Britain in the World Wars

Robin Prior

It was only towards the end of the Second World War that the British stumbled upon the ideal combination of general and politician.
The Battle of Passchendaele, 1917.
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Three aspects of Britain in the world wars stand out. The first was the reluctance with which Britain entered both wars but then the implacable nature in which it fought them. In the First World War Britain was the last of the Great Powers to enter the war; in the Second, Chamberlain was notoriously reluctant to enter at all. But once in the wars, Britain was the only Great Power to fight in both conflicts from beginning to end.

It is sometimes said that only a strict censorship kept the country fighting – if Britons had been aware of what was transpiring on the Western front in particular, they would have insisted that the war be brought to an end. The fact is however that they did know. The casualty figures were published in the press, as were maps which indicated that Berlin or even the German frontier were a long way off. And in the First World War when the government was not seen to be making a fist of the war a more resolute government was installed to fight the war to a finish – in the words of the New Prime Minister, Lloyd George, ‘to a knockout blow’. And having fought one world war, in 1939 Britain embarked on another. It is often said that ‘appeasement’ demonstrated that the British people were through with war. But when, after Munich, appeasement was seen to be futile in the face of Hitler’s demands and increasingly tinged with dishonour, the overwhelming attitude of the public was for war. And in this war when the appeasement government were seen to be inadequate for the task, a government whose only policy was victory – even ‘in spite of all terror’ was installed.

The second matter of note was the importance of civilian control in wartime. In the First World War the civilians attempted a strategy that was all their own at Gallipoli. When it failed however they rather ceded control to the military. What this meant was that offensives of unparalleled ferocity and results that fell far short of predictions (the Somme, Arras, Passchendaele) were embarked on and allowed to run their course while the civilians looked on and wrung their hands. Only in 1918 did Lloyd George, in a period of much peril, reassert civilian control to the great benefit of his country and as it happened the shape of subsequent military operations.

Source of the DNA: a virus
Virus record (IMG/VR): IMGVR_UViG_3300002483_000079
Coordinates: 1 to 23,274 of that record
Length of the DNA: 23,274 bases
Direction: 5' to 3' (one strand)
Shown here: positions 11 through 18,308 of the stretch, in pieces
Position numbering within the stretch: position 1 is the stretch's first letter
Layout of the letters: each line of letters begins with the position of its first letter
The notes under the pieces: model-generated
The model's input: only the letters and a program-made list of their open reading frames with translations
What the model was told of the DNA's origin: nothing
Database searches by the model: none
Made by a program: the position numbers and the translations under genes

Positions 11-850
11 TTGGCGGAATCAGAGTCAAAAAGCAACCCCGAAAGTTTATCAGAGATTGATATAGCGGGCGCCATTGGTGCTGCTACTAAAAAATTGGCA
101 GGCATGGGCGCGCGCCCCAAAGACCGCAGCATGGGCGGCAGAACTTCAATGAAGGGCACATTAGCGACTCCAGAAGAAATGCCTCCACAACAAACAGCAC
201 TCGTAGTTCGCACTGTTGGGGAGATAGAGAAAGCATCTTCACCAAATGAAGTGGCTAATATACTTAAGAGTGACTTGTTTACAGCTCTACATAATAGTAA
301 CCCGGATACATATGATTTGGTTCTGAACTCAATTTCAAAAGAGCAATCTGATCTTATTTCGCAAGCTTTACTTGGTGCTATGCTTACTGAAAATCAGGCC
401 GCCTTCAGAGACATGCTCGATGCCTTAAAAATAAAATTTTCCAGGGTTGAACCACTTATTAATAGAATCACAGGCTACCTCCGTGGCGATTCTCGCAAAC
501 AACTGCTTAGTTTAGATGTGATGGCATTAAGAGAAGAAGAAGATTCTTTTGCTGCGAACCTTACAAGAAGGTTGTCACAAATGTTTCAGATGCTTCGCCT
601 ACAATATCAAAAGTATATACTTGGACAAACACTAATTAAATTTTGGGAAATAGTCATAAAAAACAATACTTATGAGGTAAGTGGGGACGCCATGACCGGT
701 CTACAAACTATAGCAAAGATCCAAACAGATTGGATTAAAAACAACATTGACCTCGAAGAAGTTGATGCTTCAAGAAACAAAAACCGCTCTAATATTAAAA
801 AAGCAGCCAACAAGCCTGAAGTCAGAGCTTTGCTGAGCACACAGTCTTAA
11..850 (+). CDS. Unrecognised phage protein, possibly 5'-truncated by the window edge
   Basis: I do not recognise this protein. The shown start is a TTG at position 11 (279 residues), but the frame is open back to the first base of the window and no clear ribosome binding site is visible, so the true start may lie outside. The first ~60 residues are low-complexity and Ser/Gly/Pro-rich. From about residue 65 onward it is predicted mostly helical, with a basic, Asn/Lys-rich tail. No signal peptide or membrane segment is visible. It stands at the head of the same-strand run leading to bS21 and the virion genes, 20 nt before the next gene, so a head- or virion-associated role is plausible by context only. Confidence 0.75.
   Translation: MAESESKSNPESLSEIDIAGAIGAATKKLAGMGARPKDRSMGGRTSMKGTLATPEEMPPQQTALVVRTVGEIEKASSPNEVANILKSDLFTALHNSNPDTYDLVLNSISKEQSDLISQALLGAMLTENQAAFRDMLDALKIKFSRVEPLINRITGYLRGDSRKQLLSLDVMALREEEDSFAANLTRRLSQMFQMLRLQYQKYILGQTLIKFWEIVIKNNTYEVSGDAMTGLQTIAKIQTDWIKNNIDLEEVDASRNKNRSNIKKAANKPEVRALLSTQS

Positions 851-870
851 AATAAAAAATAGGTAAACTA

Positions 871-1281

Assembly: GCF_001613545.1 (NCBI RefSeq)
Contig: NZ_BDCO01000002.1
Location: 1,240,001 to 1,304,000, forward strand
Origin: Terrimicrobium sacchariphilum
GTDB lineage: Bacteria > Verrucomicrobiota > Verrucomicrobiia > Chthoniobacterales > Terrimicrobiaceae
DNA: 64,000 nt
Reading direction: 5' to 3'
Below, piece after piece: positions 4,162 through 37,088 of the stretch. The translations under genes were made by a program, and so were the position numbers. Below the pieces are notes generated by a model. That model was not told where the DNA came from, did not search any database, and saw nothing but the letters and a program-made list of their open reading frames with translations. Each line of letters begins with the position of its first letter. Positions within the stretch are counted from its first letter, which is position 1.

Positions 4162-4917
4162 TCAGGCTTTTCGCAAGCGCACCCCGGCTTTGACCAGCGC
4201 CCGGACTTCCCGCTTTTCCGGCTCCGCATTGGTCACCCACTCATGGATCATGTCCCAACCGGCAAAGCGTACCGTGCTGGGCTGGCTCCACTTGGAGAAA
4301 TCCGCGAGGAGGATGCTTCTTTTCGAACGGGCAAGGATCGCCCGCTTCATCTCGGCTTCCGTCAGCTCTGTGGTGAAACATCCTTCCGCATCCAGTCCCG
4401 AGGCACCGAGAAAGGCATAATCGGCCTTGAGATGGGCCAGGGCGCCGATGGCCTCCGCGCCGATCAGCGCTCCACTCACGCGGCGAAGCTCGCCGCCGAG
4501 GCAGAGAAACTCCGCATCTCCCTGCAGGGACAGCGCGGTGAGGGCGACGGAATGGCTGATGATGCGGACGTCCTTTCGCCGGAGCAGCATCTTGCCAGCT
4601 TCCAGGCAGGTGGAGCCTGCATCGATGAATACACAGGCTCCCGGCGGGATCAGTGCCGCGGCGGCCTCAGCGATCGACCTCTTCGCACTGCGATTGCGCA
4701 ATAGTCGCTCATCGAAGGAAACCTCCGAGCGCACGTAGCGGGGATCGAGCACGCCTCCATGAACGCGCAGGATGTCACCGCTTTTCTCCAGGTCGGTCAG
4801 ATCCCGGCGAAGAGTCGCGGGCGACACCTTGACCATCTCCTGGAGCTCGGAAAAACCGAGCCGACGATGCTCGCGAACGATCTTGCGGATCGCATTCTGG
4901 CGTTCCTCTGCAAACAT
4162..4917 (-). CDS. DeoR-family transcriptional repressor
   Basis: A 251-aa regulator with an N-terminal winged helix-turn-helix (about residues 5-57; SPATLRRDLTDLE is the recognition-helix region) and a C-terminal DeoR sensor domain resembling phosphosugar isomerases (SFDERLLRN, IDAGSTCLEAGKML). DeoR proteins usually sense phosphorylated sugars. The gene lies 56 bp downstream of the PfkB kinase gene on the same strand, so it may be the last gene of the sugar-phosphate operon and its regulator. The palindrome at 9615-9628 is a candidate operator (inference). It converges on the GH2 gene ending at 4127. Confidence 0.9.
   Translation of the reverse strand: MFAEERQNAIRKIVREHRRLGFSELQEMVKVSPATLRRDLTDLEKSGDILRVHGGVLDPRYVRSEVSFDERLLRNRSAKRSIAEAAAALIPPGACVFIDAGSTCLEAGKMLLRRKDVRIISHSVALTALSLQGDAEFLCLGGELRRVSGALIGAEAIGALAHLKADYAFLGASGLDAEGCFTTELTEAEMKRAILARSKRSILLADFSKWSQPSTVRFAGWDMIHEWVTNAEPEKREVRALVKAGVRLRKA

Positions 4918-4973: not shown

In the Second World War the arrival of Churchill assured civilian control. When the Chiefs of Staff wobbled in their advice whether to fight on in 1940, Churchill merely ignored it until he got the advice he was looking for.  When he was dissatisfied with the way the war was being conducted, in short order commanders found themselves sidelined or retired. And Churchill went on sacking until he had chosen generals who could win. And when questions were raised about the most implacable of the British offensives, the strategic bombing campaign against Germany, Churchill decided that it should continue and indeed be intensified. Whether this was the correct decision is not the point here. What it demonstrates is a determination to wage war to the utmost.

The third point also deals with civilian control but in a little-recognised area. In a liberal or democratic state such as Britain, it is the civilians who ensure that the economy is mobilised and that appropriate weapons are provided for their armies, navies and air forces. The question of how those weapons will be used is one however, given the complexities of modern war, that only the generals can decide.

In 1916, as Minister of Munitions, Lloyd George was asked by his Cabinet colleagues about the chances of success in the forthcoming Battle of the Somme. He assured them that success was likely because he had supplied Haig’s armies with unprecedented numbers of guns. What he could not know was that Haig, in attempting to capture as much ground as possible, had spread the gun fire over such a wide area as to dilute its effectiveness and thus to ensure failure.

In the Second World War Churchill railed against his desert generals in 1941 and 1942 without grasping that they too were dispersing the fire power that he had provided, in the form of tanks and guns, into small columns that Rommel was picking off one at a time. When at the end of 1942 he chose General Gott to command the Eighth Army he failed to realise that he was choosing a general also guilty of the same failed tactic of firepower dispersal. When Gott was tragically killed, his successor, Montgomery, was not really Churchill’s type of general at all. Monty was a centraliser whose basic modus operandi was to fight battles of attrition but ones that were quite different from those fought by Haig, in that they attritted the enemy army at a much faster rate than his own. What Montgomery provided was however victory at reasonable cost and with that Churchill, who despite bursts of impatience with his general and perhaps without ever understanding what Monty was up to, remained satisfied.

World wars are complex matters and in democracies the interplay of civilians and the military is crucial. It pays to pick competent generals but without competent politicians the results can be disastrous.

Robin Prior is the author of Conquer We Must: A Military History of Britain 1914-1945, published by Yale University Press.